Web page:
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Dordt professor begins new textbook during sabbatical
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07/6/2009
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Dr. Calvin Jongsma
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Rome, Egypt, Mesopotamia, algebra \uc1\u8230?
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If this word pattern seems jarring, then you haven\uc1\u8217?t heard
about Dr. Calvin Jongsma\uc1\u8217?s latest project. He\uc1\u8217?s
writing a middle school mathematics education textbook organized around
the history of mathematics.
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He began work on the project during a half\_time sabbatical from Dordt
College this past year. Seven sections have been completed (out of
a projected 32 sections), and he\uc1\u8217?ll continue the process
with a quarter\_time release during the next two years, thanks to
project support from the Andreas Center for Reformed Scholarship and
Service, a privately funded organization that provides opportunities
for Dordt College faculty, students, and staff members to develop
Reformed Christian scholarship and service that engages today\uc1\u8217?s
global community.
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Dr. Jongsma is a professor of mathematics at Dordt College, and his
area of expertise is math history. Among the courses he regularly
teaches is Math 109, a class for education majors seeking a middle
school teaching endorsement for mathematics.
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\uc1\u8220?I\uc1\u8217?ve always had an interest in pre\_college mathematics
education, but this is my first serious attempt to combine it in a
more public way with my background and expertise,\uc1\u8221? says
Jongsma. \uc1\u8220?The history of mathematics has the potential to
give prospective teachers deeper insight into the material they will
be teaching. It also forces them to look at the material in fresh
ways, much of which can be brought into their teaching as enrichment
material or as a contribution to an integrated thematic unit.\uc1\u8221?
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Some examples of math history in the opening sections of the book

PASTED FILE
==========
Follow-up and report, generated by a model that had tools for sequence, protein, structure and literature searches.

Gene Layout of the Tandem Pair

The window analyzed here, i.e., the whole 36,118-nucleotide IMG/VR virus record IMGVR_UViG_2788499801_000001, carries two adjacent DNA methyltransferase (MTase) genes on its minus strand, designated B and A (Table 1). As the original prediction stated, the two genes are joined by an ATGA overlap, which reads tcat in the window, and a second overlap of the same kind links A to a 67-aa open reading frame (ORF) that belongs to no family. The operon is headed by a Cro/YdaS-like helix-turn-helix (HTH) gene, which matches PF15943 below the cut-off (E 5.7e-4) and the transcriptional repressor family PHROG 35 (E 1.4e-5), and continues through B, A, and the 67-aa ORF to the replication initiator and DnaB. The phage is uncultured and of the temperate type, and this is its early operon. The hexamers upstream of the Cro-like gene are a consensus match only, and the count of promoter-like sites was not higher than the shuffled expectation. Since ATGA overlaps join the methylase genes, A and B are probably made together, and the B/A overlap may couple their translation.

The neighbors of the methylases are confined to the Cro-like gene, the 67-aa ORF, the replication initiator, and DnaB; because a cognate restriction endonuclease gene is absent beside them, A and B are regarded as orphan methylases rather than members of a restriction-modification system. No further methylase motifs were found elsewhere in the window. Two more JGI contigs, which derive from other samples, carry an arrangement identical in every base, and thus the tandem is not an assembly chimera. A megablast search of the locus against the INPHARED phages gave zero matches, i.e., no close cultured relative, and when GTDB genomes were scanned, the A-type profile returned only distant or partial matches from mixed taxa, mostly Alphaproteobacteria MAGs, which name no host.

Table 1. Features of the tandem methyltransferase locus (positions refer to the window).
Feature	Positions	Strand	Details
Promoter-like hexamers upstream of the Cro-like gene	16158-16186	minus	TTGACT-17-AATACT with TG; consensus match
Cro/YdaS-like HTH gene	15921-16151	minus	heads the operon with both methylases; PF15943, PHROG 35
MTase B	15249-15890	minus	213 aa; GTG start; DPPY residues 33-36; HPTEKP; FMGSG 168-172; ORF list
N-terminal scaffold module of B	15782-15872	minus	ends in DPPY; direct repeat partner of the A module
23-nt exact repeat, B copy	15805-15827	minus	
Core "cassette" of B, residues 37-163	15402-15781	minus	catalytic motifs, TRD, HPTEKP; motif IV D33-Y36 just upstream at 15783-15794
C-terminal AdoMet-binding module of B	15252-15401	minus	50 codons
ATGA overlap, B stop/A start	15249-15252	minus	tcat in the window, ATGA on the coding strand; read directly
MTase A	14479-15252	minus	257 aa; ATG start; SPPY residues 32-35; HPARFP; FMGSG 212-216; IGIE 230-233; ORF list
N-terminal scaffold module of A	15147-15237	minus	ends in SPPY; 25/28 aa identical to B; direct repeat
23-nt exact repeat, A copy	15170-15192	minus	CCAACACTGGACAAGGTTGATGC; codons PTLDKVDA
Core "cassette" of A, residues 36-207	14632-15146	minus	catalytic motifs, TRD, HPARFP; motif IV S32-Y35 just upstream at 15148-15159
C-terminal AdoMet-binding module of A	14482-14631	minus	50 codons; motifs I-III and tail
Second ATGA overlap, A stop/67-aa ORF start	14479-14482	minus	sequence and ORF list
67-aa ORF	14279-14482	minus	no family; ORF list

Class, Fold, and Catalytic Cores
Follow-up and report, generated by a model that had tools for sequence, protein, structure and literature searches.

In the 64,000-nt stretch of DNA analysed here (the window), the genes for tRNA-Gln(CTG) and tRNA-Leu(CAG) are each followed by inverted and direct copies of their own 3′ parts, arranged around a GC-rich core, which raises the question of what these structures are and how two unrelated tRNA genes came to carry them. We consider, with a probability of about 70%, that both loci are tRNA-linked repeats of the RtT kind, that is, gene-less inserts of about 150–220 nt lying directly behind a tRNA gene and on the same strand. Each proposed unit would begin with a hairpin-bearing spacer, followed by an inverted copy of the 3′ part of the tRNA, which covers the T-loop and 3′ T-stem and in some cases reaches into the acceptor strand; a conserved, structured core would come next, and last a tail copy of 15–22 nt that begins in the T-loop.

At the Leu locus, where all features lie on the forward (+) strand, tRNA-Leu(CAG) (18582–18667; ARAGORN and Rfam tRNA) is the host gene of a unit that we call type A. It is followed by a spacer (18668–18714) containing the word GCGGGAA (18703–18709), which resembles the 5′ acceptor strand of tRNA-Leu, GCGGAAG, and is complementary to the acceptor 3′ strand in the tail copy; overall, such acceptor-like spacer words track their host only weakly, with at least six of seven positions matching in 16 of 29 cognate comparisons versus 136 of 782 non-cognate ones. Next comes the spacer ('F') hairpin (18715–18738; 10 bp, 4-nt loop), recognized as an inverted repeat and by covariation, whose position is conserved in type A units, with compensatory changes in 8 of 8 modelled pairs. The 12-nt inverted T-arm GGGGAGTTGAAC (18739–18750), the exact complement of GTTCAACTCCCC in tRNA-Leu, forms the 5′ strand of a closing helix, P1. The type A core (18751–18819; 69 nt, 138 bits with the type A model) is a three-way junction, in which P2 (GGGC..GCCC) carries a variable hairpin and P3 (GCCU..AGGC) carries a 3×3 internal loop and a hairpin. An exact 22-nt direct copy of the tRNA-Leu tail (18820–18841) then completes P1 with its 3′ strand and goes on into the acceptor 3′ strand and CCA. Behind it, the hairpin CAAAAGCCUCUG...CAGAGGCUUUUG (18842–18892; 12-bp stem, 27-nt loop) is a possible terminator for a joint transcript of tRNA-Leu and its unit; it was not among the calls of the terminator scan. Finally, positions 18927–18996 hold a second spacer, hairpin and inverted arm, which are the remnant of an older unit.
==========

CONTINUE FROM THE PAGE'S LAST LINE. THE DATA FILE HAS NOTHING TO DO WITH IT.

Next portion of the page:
are Roman numerals and the abacus; Egyptian numeration; Mesopotamian
sexagesimal fractions; and Greek theory of ratio and proportion. Because
there are few textual resources on middle school math history, Jongsma
has done a lot of research and developed detailed outlines for his
Math 109 classes, which he is now fleshing out into textbook material.
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\uc1\u8220?My intent is to produce a commercial product for pre\_service
and in\_service teachers, but I also hope that this might spawn teacher\_written
materials for use in their own middle school classrooms.\uc1\u8221?
Jongsma will continue using his textbook material in Math 109, but
would also like to use it for a graduate level course in mathematics
education if sufficient interest exists.
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Jongsma says a historical focus in mathematics gives a developmental
component to student mathematics education, as well as a broad context
in which one can discuss structural issues and aspects of religious
orientation and contemporary applications for mathematics. \uc1\u8220?I
think this approach offers exciting potential for implementing Dordt's
general educational perspective in a more specialized setting.\uc1\u8221?
\par}
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Jongsma has already gotten some positive feedback on his work from
Dordt students, and has also received input from professors at an
Association of Christians in the Mathematical Sciences conference
held at Wheaton College in May.
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In June he presented a three day seminar for Dordt educators and others
interested in middle school mathematics education. The Andreas Center
sponsored the workshop, with eight participants attending and offering
their response to three 90\_minute sessions. Participating were Dordt
professors Dennis De Jong, Dennis Vander Plaats, Tim Van Soelen, Sharon
Rosenboom, and Valorie Zonnefeld; a Dordt student, Autumn Den Boer;
Sioux Center Christian teacher Rebecca De Smith; and a collaborator
on the textbook who teaches mathematics education courses at Trinity
Christian College, Dave Klanderman. \'46eedback from participants
will be useful for revising the text and for further writing.
\par}
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Jongsma hasn\uc1\u8217?t begun marketing the textbook yet, but there
seems to be a fair bit of interest in the project from those who have
heard about it. \uc1\u8220?Given how unusual the approach is, it may
be difficult to get a commercial textbook publisher to take on the
enterprise,\uc1\u8221? concedes Jongsma. \uc1\u8220?I hope to send
some sample sections out to publishers sometime in the coming year.\uc1\u8221?
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In the meantime, he\uc1\u8217?ll continue developing more sections
of the book, using notes, outlines, and further research. Jongsma
learned and is using LaTeX software for the project, a state of the
art publication software specifically designed for mathematics.
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Jongsma has previously written a privately published textbook for
a course he teaches each spring in Discrete Mathematics (Math 212).
\uc1\u8220?Students have appreciated it and find it useful for helping
them do advanced mathematics,\uc1\u8221? says Jongsma \uc1\u8220?I
hope that this new text will have similar success.\uc1\u8221?
\par}
}